European regulators believe this advertising activity violates user privacy and they assert that tech giants like Google and the Interactive Advertising Bureau (IAB) are fully aware that their advertising networks encroach on the EU’s privacy laws.
2017 emails may reveal Google and advertisers were aware of possible privacy violations
If proven true, such allegations could turn the online advertising world on its ear. The uncovered emails turned over to regulators in February would seem to indicate that this concern was not lost on Google executives.
The email in question, from 2017, was sent from Townsend Feehan, CEO of IAB Europe, to senior staff in the European Commission Directorate General for Communications Networks, Content, and Technology. Feehan reveals staffers against new ePrivacy Regulations meant to come with the GDPR. These regulations are currently still in negotations, but the emails stated they could “mean the end of the online advertising model.”
Attached to the email was an 18-page document describing how the rules would tighten the use of people’s private information. The GDPR requires people are clearly informed of how their information is being used and who it’s being used by.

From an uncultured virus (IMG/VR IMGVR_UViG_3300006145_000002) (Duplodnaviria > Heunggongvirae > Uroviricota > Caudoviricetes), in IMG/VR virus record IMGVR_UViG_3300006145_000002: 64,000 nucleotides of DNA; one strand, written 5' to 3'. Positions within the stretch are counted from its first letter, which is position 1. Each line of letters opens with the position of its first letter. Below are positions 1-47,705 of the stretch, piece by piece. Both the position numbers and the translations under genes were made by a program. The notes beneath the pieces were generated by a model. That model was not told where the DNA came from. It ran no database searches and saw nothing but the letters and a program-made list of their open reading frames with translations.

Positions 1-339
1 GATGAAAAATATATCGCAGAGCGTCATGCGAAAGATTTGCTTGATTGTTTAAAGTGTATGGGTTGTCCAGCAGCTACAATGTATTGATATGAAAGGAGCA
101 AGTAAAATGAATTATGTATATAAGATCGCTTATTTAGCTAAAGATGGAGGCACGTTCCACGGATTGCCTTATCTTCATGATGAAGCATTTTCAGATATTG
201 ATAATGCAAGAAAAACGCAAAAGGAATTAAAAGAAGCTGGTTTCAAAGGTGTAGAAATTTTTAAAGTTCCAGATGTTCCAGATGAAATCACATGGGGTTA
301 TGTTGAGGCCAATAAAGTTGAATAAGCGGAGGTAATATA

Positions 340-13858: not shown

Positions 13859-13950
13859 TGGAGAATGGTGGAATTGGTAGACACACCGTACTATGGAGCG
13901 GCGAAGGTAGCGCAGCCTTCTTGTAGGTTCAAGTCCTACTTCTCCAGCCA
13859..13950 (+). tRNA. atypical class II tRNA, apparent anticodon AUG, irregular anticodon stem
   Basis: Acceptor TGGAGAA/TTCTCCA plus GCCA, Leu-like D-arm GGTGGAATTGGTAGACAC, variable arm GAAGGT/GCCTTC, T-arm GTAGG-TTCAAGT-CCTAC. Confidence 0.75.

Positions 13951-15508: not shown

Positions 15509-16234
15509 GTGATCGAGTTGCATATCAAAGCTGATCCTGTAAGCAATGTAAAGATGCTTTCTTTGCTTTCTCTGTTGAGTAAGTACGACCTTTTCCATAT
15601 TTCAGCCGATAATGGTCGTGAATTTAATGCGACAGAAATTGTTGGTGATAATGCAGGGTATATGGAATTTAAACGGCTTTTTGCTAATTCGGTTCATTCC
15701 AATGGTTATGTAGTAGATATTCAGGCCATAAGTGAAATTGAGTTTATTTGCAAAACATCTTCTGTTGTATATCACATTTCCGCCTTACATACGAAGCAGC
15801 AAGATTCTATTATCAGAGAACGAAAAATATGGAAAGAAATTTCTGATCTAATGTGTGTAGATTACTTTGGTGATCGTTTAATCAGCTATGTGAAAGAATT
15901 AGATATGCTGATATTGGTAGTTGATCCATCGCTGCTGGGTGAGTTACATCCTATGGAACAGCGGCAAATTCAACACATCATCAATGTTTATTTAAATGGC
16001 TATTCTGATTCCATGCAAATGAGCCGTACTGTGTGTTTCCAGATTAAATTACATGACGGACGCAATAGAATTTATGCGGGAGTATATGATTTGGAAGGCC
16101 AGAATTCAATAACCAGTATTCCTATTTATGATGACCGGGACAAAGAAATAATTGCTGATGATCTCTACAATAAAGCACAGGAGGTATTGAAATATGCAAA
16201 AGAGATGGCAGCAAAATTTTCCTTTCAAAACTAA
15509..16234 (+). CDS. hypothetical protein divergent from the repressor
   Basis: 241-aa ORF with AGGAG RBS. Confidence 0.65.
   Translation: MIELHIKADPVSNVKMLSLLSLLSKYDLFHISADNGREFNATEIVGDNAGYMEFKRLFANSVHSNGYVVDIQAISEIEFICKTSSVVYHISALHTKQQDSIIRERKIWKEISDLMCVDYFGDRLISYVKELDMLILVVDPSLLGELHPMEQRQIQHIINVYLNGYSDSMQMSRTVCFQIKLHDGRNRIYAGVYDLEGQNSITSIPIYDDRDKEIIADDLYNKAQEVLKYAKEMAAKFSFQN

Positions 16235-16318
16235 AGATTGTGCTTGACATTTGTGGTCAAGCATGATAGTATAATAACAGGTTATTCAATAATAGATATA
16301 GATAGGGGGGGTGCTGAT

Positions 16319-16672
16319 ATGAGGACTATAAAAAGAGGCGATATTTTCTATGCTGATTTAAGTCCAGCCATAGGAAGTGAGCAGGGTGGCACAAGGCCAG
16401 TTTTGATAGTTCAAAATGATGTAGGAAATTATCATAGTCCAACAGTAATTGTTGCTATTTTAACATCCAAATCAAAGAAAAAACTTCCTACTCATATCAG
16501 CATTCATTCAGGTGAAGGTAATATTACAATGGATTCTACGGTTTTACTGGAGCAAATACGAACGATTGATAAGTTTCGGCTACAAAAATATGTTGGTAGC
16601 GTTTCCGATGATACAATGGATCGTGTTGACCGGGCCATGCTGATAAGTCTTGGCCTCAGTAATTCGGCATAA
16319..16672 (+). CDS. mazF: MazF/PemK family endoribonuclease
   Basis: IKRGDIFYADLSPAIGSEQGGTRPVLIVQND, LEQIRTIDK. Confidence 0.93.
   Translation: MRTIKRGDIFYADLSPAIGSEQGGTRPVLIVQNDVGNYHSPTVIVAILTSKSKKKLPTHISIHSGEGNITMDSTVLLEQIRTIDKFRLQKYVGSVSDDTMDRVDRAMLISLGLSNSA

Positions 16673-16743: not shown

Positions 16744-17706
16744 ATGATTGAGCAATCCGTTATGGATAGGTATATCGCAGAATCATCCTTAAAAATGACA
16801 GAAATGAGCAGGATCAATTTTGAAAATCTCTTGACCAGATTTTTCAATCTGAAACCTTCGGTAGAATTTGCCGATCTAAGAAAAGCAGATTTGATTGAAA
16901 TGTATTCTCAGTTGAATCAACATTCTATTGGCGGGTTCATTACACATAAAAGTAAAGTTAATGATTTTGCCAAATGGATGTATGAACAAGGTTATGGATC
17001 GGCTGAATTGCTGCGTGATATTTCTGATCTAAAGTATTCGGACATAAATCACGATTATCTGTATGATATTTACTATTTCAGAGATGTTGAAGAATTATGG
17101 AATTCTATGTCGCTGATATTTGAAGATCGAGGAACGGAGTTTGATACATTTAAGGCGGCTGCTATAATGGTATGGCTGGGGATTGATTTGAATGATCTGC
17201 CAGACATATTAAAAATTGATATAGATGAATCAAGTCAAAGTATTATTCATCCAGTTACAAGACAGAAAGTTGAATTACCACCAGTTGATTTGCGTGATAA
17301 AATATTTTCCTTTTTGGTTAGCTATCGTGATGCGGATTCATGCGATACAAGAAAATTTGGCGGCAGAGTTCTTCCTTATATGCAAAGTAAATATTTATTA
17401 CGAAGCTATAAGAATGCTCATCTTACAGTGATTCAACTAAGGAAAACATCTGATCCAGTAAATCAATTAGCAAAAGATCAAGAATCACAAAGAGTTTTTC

Users must know who’s using their data and give consent to have their data used
In the online advertising process, advertisers bid for space on a webpage in a real time bidding process (RTB) based on the type of visitor. An auction is triggered and the winner displays their ad. Wealthy advertisers have more clout and ad networks and exchanges like Google desire to have all kinds of information about you – the more the better so they can show you ads for things you’ve already expressed interest in.
Part of the rub is it’s not certain who will win the auction to place the ad and in any case, the user doesn’t necessarily know who the advertiser is and hasn’t given consent for the use of their information. Or at least, that’s the crux of the ICO’s investigation – how well information are people about this?
The right to advertise versus the right to privacy
Google, the IAB and others insist they’ve done nothing wrong. Hence, the appeals.
The complainants claim they can prove the IAM has known for a long time that there’s a potential privacy problem. The emails from 2017 would seem to support that claim. The complainants also say they aren’t seeking to halt online advertising, necessarily. But they do want giant adtech firms to perform advertising without sharing highly personal information the way they are now. One claim against the advertisers is that the IAB RTB system allows 595 kinds of information to be part of an ad’s bid request.
All four of these large companies are under fire. All four have already experienced data breaches of varying levels, some of them massive breaches. Google and Facebook have already been fined or stand to face additional enormous fines. The DPC is not backing down so the battle for the right to advertise versus the right to privacy rages on.